It covers large periods of time, broad social movements, and wars in two centuries. It was funny, sad, clever, and insightful. Domingo Monkey hunting a twenty-first-century man in the twentieth century.
They were already familiar to me. Monkey Hunting is a novel of great scope.
What was probably most useful for me was reading a great deal of Chinese poetry in translation, both for the sensibility and cultural preoccupations that it offered. For all his strengths, he was also a true romantic. Chen Pan was not only adventurous, but also unusually open-minded.
I really like how the chapters flip to different characters. It kept me interested and kept the book from becoming boring.
I think he also understood that what he passed on was just as important as how he himself lived. Aside from that, the characters were beautiful, and so was the plot. At the end of the book, Chen Pan talks about belonging neither to China nor to Monkey hunting entirely.
This is a novel of fragmented narratives, much like your other two novels. How and why did you decide to write about the Chinese experience in Cuba? Read Monkey Hunting for its high-octane poetry, its cocktail of color and incident, its Monkey hunting of vigorous verbs, and Isabel Allende—style eroticism.
It turned out to be inordinately dif. How hard could it be? The story spans two continents, four generations, several wars, and the rise of two terrible dictators [yet] the focus always remains on the characters, a family of downtrodden dreamers.
Through their children, grandchildren, and great grandchildren the story of the family unfolds, traveling from Cuba, back to China, to New York, Saigon, Shanghai, and back to Cuba again.
I love Miles Davis. Constantly, I questioned my ability to do his story justice and with authenticity. I also was surprised to learn that the Chinese participated in the various wars for independence.
Was it difficult writing about men after your previous two novels, which were centered mainly on women? He became such a nuisance that the gods. I suppose I share with Chen Pan a disdain for colonial imperatives and impositions. This worthy novel deserves a broad audience.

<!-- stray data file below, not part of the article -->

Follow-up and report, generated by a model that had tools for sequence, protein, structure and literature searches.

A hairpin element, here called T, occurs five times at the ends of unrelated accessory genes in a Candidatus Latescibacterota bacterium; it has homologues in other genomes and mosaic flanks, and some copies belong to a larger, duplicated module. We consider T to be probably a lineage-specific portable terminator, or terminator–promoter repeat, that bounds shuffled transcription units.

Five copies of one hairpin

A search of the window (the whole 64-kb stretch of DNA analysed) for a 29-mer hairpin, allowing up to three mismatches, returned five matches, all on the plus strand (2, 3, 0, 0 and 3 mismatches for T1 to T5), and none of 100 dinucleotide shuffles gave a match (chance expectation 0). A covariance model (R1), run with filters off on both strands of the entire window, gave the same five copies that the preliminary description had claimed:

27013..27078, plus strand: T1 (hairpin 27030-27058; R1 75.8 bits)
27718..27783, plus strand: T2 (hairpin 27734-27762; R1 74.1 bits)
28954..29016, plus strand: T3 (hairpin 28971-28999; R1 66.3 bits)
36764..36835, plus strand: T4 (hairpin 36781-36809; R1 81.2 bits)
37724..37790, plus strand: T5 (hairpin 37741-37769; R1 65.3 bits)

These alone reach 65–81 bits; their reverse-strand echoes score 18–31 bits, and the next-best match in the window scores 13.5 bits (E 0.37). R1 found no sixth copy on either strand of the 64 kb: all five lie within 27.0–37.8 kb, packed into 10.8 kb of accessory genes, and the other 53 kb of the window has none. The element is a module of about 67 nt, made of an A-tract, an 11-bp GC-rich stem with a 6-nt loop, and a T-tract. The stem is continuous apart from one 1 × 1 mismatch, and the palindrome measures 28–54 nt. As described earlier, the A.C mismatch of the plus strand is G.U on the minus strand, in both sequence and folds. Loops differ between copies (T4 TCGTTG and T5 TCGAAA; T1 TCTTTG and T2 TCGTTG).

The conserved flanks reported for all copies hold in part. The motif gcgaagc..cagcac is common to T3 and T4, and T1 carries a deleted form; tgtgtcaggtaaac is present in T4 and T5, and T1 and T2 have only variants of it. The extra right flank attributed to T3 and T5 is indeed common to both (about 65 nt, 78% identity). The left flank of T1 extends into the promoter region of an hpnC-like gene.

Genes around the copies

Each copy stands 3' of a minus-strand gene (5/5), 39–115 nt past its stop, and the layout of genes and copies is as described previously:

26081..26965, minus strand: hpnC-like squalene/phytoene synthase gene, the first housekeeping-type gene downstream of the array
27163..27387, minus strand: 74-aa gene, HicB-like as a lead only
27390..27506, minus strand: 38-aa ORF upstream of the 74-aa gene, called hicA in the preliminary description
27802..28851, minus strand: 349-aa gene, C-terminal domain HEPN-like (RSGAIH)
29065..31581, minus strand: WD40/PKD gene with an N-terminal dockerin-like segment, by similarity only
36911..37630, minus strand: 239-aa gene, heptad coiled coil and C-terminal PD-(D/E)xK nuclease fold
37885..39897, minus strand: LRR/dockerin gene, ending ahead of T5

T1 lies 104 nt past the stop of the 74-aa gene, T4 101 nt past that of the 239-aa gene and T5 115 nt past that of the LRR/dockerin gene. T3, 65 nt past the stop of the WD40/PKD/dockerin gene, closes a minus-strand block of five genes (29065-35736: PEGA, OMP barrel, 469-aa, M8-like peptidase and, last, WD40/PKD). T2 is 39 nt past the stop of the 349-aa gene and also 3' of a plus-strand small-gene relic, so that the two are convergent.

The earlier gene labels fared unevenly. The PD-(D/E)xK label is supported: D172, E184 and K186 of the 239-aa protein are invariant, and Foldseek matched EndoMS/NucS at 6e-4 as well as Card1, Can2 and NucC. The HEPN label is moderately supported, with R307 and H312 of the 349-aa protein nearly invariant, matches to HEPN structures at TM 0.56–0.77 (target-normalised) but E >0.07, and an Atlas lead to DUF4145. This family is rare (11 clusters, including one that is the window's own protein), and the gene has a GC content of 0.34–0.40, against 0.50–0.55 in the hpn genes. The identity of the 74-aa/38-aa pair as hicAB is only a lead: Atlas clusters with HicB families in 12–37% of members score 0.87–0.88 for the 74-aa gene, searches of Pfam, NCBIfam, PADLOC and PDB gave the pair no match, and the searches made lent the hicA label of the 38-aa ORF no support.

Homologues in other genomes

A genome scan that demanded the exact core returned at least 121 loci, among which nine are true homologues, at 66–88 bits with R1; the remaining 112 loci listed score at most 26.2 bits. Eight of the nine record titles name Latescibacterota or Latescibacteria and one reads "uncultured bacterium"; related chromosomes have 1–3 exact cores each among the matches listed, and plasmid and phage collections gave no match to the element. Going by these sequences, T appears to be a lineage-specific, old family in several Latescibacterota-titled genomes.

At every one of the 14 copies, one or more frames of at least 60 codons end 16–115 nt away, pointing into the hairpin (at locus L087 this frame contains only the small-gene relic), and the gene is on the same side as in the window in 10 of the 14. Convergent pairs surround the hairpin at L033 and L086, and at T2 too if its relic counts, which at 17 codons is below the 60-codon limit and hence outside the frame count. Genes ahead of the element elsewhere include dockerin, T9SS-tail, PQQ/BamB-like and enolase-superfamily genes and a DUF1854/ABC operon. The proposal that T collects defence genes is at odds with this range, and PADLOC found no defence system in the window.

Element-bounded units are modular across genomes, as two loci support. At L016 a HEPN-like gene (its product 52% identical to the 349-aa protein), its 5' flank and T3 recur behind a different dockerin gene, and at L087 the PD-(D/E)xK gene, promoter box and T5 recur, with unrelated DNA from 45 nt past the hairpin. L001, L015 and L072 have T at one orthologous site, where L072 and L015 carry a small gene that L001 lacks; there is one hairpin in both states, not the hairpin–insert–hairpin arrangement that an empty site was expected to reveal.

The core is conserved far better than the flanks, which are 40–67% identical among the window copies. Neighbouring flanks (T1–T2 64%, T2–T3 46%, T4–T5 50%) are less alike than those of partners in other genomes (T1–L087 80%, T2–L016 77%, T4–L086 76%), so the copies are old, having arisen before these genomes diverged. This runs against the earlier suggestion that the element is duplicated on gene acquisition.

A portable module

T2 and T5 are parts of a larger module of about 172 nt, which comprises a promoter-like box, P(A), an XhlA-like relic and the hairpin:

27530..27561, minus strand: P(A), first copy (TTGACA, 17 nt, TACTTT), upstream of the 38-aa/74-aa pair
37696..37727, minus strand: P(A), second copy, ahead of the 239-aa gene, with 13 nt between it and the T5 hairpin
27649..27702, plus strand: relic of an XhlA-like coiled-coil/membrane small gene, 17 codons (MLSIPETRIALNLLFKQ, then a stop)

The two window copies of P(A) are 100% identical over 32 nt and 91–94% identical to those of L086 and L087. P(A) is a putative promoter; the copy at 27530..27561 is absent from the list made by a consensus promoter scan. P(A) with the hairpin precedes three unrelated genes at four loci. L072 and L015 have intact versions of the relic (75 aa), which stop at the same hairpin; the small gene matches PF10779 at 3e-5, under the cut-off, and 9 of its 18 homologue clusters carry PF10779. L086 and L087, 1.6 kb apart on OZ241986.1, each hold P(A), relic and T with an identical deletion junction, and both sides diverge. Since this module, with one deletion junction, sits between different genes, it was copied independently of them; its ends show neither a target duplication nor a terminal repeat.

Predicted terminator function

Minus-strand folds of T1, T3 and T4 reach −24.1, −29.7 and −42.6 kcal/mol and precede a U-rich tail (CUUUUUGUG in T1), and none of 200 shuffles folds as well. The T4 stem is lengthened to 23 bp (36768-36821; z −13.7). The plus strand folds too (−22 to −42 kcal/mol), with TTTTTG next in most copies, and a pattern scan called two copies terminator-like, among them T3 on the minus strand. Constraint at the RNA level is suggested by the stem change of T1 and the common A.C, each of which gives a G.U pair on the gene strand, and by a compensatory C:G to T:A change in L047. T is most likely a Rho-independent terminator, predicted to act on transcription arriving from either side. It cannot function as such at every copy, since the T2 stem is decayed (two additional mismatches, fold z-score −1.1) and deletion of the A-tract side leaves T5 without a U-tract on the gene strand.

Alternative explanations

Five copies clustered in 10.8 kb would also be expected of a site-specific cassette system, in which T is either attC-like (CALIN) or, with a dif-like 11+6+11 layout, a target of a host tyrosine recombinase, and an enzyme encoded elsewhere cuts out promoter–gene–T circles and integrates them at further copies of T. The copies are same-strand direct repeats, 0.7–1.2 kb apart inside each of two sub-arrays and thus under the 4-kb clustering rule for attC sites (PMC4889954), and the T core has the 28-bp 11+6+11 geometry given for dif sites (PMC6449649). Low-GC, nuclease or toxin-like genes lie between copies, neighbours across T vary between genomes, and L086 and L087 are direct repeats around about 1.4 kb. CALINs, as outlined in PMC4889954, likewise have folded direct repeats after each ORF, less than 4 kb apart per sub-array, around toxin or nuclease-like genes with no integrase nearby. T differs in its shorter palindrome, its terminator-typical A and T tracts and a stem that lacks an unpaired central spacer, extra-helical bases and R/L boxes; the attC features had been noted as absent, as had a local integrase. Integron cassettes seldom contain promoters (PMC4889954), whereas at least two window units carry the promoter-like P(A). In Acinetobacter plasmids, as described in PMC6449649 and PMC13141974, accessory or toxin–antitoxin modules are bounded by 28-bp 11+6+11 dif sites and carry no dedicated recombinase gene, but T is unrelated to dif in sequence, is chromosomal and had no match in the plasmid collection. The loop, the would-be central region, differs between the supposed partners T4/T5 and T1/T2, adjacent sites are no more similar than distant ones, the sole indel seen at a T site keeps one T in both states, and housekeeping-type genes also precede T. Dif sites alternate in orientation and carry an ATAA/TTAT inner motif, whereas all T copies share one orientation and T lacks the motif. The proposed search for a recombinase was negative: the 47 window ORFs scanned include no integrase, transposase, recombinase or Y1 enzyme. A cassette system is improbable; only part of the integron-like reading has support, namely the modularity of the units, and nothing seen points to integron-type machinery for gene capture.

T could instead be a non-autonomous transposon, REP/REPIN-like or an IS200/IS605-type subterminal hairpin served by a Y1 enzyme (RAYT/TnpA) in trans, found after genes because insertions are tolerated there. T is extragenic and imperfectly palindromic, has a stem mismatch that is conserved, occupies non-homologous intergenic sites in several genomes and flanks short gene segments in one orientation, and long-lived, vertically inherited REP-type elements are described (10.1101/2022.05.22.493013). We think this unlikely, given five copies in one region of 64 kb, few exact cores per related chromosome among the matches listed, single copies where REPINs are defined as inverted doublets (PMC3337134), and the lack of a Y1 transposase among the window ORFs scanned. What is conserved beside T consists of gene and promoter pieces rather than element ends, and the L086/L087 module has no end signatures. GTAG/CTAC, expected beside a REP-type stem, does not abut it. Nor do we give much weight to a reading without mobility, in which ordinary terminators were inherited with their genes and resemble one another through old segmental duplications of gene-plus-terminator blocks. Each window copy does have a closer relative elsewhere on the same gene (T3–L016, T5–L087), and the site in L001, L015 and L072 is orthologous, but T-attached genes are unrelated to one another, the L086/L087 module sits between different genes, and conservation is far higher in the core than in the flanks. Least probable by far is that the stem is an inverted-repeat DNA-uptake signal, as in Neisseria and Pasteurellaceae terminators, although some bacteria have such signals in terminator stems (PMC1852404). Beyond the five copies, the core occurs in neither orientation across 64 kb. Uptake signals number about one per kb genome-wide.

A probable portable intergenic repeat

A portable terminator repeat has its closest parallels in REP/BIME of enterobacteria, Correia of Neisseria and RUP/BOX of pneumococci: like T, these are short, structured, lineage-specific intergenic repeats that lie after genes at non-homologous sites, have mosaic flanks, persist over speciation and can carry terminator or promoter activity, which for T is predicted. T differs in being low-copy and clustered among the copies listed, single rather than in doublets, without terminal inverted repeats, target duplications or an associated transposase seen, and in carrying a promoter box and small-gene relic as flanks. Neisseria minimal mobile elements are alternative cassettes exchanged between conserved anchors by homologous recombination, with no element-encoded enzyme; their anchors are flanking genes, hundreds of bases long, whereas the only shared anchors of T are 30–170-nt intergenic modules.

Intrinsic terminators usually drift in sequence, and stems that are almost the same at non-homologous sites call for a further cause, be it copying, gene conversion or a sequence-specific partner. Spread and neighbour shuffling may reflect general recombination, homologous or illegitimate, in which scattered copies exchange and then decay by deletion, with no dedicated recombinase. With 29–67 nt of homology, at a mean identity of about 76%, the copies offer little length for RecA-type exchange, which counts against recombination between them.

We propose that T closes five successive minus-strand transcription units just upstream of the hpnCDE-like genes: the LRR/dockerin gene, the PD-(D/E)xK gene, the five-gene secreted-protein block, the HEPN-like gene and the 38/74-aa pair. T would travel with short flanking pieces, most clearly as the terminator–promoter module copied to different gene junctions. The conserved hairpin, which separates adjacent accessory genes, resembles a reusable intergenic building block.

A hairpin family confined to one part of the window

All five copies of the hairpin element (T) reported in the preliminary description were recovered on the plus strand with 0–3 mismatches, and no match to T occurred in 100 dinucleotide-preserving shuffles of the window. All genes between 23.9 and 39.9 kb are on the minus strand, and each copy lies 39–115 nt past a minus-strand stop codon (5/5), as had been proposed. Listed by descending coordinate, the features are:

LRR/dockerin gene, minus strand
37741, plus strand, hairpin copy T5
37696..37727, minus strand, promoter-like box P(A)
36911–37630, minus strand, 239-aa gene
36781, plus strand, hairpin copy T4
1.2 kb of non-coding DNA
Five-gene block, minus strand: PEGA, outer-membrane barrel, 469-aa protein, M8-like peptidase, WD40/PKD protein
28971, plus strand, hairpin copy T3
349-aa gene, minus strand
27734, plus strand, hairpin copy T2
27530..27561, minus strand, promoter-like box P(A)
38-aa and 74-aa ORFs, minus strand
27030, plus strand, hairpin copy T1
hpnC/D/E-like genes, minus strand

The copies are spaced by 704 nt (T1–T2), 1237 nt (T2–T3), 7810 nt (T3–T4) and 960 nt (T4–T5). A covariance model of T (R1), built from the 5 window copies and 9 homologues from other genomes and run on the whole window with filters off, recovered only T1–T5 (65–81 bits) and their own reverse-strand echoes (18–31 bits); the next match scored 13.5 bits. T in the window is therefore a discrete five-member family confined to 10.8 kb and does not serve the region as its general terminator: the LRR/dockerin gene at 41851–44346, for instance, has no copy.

I think Chen Pan, in his way, always tried to live like this, to do right by his family and friends and associates, and to appreciate the details around him. Later he buys a negro slave woman, Lucrezia, and her son to work in the shop.
What makes an ordinary wheat farmer sign a contract to go halfway across the world on the remote chance of getting rich and changing his fortune? How did you conceive the novel? How does this novel differ from your previous two regarding that theme? I wanted very much to make their dire situations come vividly alive.
Chen Pan was in his early 20s when he was paid 5 pesos to go to Cuba to work for 8 years. My favorite part was learning about the Chinese community in Cuba -- something I had no idea about. Did you have any reluctance about taking it on? A Chinese waiter came over, took our order in Spanish, and to my utter delight, I was able to get Cuban black beans with my pork-fried rice.
With the exception of the man who provides Chen Pan with a letter of domicile, the Spanish in Cuba are not portrayed very sympathetically. Was it done in terms of character or a certain milieu and history that you wanted to write about? Glorious images born of a writer who has a gift for splicing together unexpected scenes, cultures, and similes.
He was the son of a failed poet who never quite. I thought this was the greatest thing that ever happened to me. When I was growing up in New York, my parents took me to my. And it appears in my previous books, as well. What does he do with his knowledge of himself?“In Monkey Hunting, author Cristina García does again what she is so adept at: guiding the reader through multiple generations of well-fleshed characters moving through time and place Monkey Hunting [is] a sensuous mosaic of fierce struggles to survive in new worlds/5(5).
Monkey Hunting has ratings and 54 reviews. In this deeply stirring novel, acclaimed author Cristina García follows one extraordinary family through f /5. Monkey Hunting is a novel by Cristina García Plot introduction Explanation of the novel's title. This section is empty. You can help by adding to it.
(June ) Plot summary. The novel follows four generations of one family: Chen Pan, who leaves China in on the promise of success in Cuba only to find himself enslaved as an Publisher: Alfred A. Knopf. About Monkey Hunting In this deeply stirring novel, acclaimed author Cristina García follows one extraordinary family through four generations, from China to Cuba to America.
Wonderfully evocative of time and place, rendered in the lyrical prose that is García’s hallmark, Monkey Hunting is an emotionally resonant tale of immigration. Wonderfully evocative of time and place, rendered in the lyrical prose that is García s hallmark, Monkey Hunting is an emotionally resonant tale of immigration, assimilation, and the prevailing integrity of self/5(17).
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